August 1999

Alice Friman

Alice Friman   This marks an author's first appearance in an online magazineAlice Friman has new work appearing in Ohio Review, Boulevard, Prairie Schooner, New Letters, and North Dakota Quarterly. Her most recent collection is Inverted Fire (BkMk Press). Her collection Zoo, forthcoming from the University of Arkansas Press, won the 1998 Ezra Pound Poetry Award.

Another Spring    Click to hear this poem in real audio

           from a first line by Robert Bly

A lonely man once sat on a large
flat stone
.  The woman never sat, 
flat stone or otherwise.
Lonelier, she tilted, one-cheek
cockeyed, ready to spring. Up
for the Heinz ketchup, rye bread.
Up for a prune Danish. He'd grunt,
roll a bloodshot eye. She read him
like the Kaballah: more soup,
another napkin, another
spoonful of gravy, pressing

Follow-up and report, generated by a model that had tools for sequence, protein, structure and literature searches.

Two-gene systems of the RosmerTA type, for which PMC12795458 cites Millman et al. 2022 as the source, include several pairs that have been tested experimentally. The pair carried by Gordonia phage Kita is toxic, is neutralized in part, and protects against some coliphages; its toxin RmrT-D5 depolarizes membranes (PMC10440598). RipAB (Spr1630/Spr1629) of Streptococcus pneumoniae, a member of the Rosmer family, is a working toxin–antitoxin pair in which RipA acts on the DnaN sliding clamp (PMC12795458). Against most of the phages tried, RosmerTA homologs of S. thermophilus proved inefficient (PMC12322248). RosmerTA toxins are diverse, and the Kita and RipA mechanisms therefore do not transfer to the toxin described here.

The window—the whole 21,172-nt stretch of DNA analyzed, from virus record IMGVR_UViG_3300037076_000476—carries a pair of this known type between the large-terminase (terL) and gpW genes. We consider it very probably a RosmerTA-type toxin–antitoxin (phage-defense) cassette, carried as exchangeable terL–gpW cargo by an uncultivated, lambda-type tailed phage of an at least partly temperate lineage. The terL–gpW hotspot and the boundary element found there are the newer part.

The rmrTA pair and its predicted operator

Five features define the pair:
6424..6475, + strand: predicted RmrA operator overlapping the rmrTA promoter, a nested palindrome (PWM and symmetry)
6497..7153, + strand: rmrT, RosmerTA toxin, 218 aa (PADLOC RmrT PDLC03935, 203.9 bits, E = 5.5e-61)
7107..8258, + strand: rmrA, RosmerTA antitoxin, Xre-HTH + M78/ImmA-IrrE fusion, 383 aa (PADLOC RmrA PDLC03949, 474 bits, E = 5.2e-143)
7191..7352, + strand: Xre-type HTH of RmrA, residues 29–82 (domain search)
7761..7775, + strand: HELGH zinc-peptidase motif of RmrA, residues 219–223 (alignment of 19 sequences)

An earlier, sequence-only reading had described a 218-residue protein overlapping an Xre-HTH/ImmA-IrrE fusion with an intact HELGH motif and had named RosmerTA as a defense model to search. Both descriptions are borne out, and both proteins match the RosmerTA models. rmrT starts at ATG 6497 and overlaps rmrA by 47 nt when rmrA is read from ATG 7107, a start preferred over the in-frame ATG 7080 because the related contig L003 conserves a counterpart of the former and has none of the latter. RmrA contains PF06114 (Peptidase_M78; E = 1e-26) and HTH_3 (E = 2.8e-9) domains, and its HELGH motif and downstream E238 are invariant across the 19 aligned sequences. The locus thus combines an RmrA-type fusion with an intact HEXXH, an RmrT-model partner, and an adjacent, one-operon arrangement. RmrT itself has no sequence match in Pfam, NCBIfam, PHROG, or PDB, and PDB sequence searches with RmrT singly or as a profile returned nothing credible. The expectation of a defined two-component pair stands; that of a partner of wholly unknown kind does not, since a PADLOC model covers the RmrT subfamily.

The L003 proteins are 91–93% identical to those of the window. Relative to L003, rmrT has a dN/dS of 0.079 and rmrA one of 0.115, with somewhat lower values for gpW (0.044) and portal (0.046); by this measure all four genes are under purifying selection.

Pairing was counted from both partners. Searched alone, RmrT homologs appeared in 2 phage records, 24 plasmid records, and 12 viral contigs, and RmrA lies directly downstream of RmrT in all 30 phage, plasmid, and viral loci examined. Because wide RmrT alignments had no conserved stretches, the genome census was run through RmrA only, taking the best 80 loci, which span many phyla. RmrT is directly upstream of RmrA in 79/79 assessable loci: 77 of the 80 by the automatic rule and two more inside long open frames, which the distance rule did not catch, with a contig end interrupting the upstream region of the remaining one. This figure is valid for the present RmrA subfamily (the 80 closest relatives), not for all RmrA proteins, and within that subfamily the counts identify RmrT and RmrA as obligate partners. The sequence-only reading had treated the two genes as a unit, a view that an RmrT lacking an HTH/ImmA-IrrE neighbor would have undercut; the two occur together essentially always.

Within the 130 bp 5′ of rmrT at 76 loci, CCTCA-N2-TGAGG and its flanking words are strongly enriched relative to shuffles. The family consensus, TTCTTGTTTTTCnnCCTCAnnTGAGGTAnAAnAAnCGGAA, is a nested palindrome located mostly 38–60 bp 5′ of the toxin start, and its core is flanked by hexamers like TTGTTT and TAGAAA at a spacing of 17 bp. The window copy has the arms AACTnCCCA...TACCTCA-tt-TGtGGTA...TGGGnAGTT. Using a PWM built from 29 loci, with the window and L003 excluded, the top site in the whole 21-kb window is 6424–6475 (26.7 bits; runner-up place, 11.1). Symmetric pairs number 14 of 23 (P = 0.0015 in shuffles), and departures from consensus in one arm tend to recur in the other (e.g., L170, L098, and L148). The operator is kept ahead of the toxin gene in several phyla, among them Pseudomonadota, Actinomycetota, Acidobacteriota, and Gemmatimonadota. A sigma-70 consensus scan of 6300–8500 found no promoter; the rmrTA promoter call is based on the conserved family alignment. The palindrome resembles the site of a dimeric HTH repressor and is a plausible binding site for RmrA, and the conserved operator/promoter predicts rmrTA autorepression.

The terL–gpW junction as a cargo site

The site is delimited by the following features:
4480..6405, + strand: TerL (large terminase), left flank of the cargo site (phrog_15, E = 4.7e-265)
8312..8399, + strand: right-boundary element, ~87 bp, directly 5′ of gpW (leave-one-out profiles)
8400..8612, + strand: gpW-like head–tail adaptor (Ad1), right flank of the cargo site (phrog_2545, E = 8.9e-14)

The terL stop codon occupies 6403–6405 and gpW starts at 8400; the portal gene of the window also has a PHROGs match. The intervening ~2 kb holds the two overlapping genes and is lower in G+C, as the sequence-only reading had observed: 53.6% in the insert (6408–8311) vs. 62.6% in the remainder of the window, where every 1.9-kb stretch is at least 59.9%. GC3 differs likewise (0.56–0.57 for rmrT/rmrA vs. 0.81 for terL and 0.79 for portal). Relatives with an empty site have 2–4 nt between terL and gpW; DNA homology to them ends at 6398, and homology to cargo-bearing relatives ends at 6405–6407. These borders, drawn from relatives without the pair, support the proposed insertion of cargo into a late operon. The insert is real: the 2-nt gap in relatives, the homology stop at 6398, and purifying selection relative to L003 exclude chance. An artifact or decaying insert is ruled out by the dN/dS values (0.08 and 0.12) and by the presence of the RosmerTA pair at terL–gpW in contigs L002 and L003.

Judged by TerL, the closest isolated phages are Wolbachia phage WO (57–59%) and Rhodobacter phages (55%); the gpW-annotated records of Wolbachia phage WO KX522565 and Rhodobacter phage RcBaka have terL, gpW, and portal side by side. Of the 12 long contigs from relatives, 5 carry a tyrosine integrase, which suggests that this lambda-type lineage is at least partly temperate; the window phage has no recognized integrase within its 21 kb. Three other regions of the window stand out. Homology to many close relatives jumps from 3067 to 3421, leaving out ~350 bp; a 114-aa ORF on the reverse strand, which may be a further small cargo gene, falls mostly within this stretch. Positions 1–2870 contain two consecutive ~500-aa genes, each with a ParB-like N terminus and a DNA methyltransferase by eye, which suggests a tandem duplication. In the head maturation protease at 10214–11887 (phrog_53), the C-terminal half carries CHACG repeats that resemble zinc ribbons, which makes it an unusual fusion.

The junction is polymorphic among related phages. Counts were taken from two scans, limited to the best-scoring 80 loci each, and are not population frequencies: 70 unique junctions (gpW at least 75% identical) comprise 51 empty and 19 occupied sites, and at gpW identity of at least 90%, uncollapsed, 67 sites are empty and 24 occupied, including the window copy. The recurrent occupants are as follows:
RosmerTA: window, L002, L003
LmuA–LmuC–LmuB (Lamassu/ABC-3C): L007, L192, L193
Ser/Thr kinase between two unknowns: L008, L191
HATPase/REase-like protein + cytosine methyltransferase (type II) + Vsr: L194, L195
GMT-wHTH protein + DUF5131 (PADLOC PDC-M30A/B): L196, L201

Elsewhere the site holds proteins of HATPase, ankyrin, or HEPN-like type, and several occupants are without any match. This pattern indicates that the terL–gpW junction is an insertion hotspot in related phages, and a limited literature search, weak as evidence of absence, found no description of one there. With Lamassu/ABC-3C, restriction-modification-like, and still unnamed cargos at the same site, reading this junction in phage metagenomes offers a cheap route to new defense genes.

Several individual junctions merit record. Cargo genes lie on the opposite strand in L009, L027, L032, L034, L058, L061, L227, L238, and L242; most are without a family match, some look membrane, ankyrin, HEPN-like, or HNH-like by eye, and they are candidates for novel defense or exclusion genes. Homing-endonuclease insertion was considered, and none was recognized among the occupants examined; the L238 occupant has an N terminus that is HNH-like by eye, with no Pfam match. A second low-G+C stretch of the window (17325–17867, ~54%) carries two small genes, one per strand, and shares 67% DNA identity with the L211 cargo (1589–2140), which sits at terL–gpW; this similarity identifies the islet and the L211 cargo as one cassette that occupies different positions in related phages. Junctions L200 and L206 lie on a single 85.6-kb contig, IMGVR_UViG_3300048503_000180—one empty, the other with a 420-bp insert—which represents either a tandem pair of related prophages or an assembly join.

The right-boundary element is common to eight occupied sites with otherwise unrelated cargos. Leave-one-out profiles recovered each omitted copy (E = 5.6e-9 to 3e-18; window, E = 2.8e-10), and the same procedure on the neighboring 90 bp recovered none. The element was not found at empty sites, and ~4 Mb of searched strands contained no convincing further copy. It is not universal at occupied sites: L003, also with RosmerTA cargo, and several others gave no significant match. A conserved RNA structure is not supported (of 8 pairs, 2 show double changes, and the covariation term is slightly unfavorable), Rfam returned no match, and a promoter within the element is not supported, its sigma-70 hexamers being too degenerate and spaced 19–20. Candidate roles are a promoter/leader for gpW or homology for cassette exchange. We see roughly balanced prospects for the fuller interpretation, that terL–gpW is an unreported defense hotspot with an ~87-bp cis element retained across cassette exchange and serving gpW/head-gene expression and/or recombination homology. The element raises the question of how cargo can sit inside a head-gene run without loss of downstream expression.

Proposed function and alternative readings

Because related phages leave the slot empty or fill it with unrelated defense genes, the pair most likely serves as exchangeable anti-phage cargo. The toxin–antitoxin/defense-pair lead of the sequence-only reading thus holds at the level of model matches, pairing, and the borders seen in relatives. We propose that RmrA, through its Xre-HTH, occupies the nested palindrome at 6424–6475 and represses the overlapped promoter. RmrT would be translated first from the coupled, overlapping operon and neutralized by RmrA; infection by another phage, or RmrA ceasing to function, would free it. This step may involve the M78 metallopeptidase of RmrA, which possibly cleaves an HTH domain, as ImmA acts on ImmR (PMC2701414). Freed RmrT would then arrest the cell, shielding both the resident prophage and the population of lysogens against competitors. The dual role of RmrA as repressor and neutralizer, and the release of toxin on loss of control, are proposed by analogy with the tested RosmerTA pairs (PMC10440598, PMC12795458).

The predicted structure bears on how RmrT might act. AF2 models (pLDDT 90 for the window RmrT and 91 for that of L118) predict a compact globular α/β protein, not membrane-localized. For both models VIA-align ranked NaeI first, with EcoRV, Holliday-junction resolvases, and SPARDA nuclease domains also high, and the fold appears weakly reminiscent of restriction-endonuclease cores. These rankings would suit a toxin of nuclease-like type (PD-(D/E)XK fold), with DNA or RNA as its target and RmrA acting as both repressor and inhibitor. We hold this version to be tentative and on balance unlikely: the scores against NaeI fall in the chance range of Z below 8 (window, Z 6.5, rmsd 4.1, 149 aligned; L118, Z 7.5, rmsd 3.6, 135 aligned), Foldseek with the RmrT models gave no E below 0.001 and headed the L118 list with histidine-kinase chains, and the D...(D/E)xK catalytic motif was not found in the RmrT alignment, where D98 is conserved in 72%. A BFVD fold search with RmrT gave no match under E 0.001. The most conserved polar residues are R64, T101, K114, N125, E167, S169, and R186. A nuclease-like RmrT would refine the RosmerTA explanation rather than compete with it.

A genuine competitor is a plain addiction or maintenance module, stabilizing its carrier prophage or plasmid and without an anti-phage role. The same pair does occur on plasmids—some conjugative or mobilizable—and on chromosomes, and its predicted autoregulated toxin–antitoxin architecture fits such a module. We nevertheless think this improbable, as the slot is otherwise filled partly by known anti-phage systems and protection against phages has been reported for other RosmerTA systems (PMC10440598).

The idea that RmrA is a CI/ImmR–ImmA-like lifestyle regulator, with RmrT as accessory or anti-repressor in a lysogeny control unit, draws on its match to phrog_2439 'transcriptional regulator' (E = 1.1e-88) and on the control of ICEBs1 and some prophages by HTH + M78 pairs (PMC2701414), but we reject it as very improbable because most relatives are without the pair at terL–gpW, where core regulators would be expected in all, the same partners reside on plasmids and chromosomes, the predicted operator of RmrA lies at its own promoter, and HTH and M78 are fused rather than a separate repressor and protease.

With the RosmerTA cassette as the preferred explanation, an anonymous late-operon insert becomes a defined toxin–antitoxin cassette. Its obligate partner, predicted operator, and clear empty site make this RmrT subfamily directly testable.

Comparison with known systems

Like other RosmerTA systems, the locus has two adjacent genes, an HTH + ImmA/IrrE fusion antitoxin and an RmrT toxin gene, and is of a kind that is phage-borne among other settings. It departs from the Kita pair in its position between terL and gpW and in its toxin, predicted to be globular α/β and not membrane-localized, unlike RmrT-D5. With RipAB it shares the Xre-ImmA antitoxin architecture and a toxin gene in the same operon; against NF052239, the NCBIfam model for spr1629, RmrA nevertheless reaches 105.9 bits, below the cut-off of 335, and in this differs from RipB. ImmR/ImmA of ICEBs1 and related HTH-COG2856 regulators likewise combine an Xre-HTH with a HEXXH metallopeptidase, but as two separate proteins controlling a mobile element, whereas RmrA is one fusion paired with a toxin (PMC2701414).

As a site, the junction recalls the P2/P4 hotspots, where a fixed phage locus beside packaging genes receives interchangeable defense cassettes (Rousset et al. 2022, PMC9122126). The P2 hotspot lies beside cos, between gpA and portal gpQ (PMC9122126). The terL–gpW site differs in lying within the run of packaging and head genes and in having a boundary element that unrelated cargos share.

a ducky pond in his mashed potatoes
the way he liked.

Look how you sit—half on
half off, he'd say, jabbing her
with his fork. She'd laugh.
Their two girls laughed, then chased
their peas around their plates.
Until—what's dessert?
and where's the mail? And up
her body clicked. Up.
A regular Jill-in-the-box, sleek
as seal, a tight bright braid.
A polished stone mono-buttocked
in a girdle, her two cheeks
together there must be no
crack showing not a sign of it.



Pantoum for My Father    Click to hear this poem in real audio

My father sleeps
They have taken out the tubes
No more whimpering
Railing    The worm in the stew

They have taken out the tubes
We are at the business of it
No whimpering    No worm in the stew
It will not take long

Listen to the business of it
Count the spaces between breaths
It can't take much longer
You can measure by the clock

Collapsing between breaths
Like the engine of sledgehammers
In the clock of my childhood
And everything he's said or done—

An engine of sledgehammers—
Is reduced to nothing but jangle
All he's done to me and said
Slipping off like bracelets

Reduced to nothing but jangle
Railing at Death    My mind's not right
Slipping away easy as bracelets
My father sleeps 



Alice Friman: Poetry
Copyright 1999 The Cortland Review Issue EightThe Cortland Review